Understanding meningitis is key to prevention, treatment

April 03, 2009

Meningitis, also called spinal meningitis, is an infection of the spinal cord fluid and fluid surrounding the brain. This infection may be caused by a virus or bacteria and is typically diagnosed by doing cultures of the spinal fluid.
Although viral and bacterial meningitis may have similar symptoms initially, most patients with viral meningitis have less severe symptoms and recover on their own. Unlike viral meningitis, patients with bacterial meningitis can have severe symptoms, possibly with lifelong consequences. Because early symptoms may be similar, it is important to be checked by a health care provider as soon as possible.
Meningococcal meningitis is a form of bacterial meningitis that is treated with antibiotics. This is a serious infection that may develop rapidly.

Early symptoms may include fever, severe headache, stiff neck, nausea, vomiting, sensitivity to bright lights, confusion and lethargy.
Meningococcal meningitis bacteria are spread by activities such as kissing; sharing eating utensils, cigarettes, drink containers and toothbrushes; and by prolonged, close contact with an infected person.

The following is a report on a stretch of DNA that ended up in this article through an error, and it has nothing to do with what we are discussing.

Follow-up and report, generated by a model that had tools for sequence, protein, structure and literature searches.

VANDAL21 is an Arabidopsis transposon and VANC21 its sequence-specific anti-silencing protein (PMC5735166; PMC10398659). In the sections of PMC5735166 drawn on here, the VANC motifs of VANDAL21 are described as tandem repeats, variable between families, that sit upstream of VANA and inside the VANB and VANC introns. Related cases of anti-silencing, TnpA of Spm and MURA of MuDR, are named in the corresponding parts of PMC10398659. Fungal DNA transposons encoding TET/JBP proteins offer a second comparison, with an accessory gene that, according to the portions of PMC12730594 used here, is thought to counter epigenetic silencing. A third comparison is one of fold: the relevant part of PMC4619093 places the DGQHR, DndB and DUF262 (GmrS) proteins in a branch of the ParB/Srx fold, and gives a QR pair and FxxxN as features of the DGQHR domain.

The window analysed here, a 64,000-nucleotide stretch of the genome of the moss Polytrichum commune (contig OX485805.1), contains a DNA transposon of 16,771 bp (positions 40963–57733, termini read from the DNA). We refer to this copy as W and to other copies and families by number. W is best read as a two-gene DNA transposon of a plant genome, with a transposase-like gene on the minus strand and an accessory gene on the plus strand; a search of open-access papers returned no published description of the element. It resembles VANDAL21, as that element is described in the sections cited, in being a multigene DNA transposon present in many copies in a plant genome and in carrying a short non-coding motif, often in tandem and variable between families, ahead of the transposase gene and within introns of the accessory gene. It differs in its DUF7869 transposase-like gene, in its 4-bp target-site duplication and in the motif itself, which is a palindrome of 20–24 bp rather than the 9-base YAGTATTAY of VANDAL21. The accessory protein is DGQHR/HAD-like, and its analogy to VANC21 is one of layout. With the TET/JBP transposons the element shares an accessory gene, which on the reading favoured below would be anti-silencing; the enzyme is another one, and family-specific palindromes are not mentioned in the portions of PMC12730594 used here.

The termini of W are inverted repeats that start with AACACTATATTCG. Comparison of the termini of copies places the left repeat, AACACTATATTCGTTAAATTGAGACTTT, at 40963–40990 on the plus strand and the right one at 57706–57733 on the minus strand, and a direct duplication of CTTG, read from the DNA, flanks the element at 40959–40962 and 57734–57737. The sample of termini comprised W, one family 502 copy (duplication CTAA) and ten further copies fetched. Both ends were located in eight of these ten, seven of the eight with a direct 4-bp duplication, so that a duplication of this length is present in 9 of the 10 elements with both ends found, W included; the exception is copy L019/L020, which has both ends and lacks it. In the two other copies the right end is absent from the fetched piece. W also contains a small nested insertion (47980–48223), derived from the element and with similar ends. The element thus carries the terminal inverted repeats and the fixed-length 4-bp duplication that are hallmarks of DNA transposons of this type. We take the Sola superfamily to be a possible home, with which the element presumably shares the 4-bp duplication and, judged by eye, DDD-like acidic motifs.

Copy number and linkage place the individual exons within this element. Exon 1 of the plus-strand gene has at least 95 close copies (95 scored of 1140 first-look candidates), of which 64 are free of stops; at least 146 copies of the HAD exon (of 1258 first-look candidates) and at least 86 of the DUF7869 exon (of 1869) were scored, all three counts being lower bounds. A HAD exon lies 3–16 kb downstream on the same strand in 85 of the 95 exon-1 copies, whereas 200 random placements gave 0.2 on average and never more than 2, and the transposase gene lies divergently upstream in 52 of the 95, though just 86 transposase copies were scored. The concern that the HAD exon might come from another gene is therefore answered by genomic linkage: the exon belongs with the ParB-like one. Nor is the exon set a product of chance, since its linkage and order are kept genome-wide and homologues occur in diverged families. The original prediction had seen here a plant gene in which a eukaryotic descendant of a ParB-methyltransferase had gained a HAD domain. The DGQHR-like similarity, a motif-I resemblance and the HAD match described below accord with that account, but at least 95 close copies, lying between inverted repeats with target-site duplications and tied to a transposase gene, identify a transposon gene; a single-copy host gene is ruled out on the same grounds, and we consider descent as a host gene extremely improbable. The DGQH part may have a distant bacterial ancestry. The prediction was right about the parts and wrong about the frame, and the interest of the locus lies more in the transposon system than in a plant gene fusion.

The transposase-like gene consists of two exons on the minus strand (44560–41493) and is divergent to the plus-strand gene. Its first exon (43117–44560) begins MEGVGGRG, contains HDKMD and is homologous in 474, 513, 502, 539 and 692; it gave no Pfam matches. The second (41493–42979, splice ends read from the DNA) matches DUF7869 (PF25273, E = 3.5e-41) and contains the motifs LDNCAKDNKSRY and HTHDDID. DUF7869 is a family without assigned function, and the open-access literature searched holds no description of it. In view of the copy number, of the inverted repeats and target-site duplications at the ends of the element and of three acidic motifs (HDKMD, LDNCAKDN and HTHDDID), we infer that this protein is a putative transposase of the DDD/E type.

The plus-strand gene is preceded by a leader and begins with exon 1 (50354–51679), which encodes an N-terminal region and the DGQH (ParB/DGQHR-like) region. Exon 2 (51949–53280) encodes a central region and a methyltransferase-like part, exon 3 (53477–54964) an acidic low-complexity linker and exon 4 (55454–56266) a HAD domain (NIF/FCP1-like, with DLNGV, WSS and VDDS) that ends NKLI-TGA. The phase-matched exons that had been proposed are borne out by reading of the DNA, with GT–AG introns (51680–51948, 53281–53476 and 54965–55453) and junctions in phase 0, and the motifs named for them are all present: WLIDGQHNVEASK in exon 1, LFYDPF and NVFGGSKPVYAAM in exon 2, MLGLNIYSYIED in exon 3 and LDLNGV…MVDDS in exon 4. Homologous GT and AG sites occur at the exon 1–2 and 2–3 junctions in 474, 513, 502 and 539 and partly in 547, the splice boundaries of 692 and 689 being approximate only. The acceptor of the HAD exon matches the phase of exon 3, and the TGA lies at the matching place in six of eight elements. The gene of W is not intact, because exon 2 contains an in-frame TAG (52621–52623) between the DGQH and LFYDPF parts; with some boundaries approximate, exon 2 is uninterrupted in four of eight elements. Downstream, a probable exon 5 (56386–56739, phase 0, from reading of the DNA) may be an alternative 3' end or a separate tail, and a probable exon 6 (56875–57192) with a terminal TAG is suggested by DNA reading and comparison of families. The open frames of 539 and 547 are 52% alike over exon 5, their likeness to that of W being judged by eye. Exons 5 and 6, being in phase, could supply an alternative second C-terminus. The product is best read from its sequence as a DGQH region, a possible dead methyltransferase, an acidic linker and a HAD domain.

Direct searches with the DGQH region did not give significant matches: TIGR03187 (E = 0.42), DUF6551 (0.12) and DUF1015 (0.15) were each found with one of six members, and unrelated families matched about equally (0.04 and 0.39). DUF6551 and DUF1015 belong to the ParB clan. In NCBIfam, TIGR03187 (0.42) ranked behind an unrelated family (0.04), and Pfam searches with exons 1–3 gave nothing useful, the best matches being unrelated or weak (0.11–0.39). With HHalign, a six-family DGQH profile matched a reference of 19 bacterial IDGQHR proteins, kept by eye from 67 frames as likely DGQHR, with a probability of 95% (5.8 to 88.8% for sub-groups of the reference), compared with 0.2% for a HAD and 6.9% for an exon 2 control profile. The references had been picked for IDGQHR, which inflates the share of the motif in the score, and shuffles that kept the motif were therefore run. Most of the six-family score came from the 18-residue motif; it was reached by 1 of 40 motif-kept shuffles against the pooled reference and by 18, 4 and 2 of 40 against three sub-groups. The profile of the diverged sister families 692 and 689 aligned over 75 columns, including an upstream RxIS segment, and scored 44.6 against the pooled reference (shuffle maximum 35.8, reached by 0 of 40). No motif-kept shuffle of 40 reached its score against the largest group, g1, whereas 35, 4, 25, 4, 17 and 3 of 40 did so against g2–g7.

Anyone who has direct contact with a diagnosed person’s oral secretions or lives in the same household is considered to have an increased risk of acquiring the infection. These individuals should receive prophylactic antibiotics from a health care provider to decrease their risk of developing the infection.
College students are strongly encouraged to get the meningococcal vaccine prior to starting at Penn State; those who live in University-owned housing are required by Pennsylvania law to either be immunized against meningococcal disease or complete a waiver of exemption.

The vaccine is effective in preventing four types of meningococcal disease, including two of the three most common types in the United States. Unfortunately, the vaccine cannot prevent all types of the disease and may not be effective in 100 percent of people who receive it, which is the reason for prophylactic treatment of all close contacts of infected individuals.
Students can get the meningococcal vaccine at University Health Services by scheduling an appointment online at www.sa.psu.edu/uhs or by calling (814) 863-0774.
For more information about meningitis, visit the Centers for Disease Control and Prevention Web site at at http://www.cdc.gov/meningitis/index.htm.

Last Updated April 06, 2009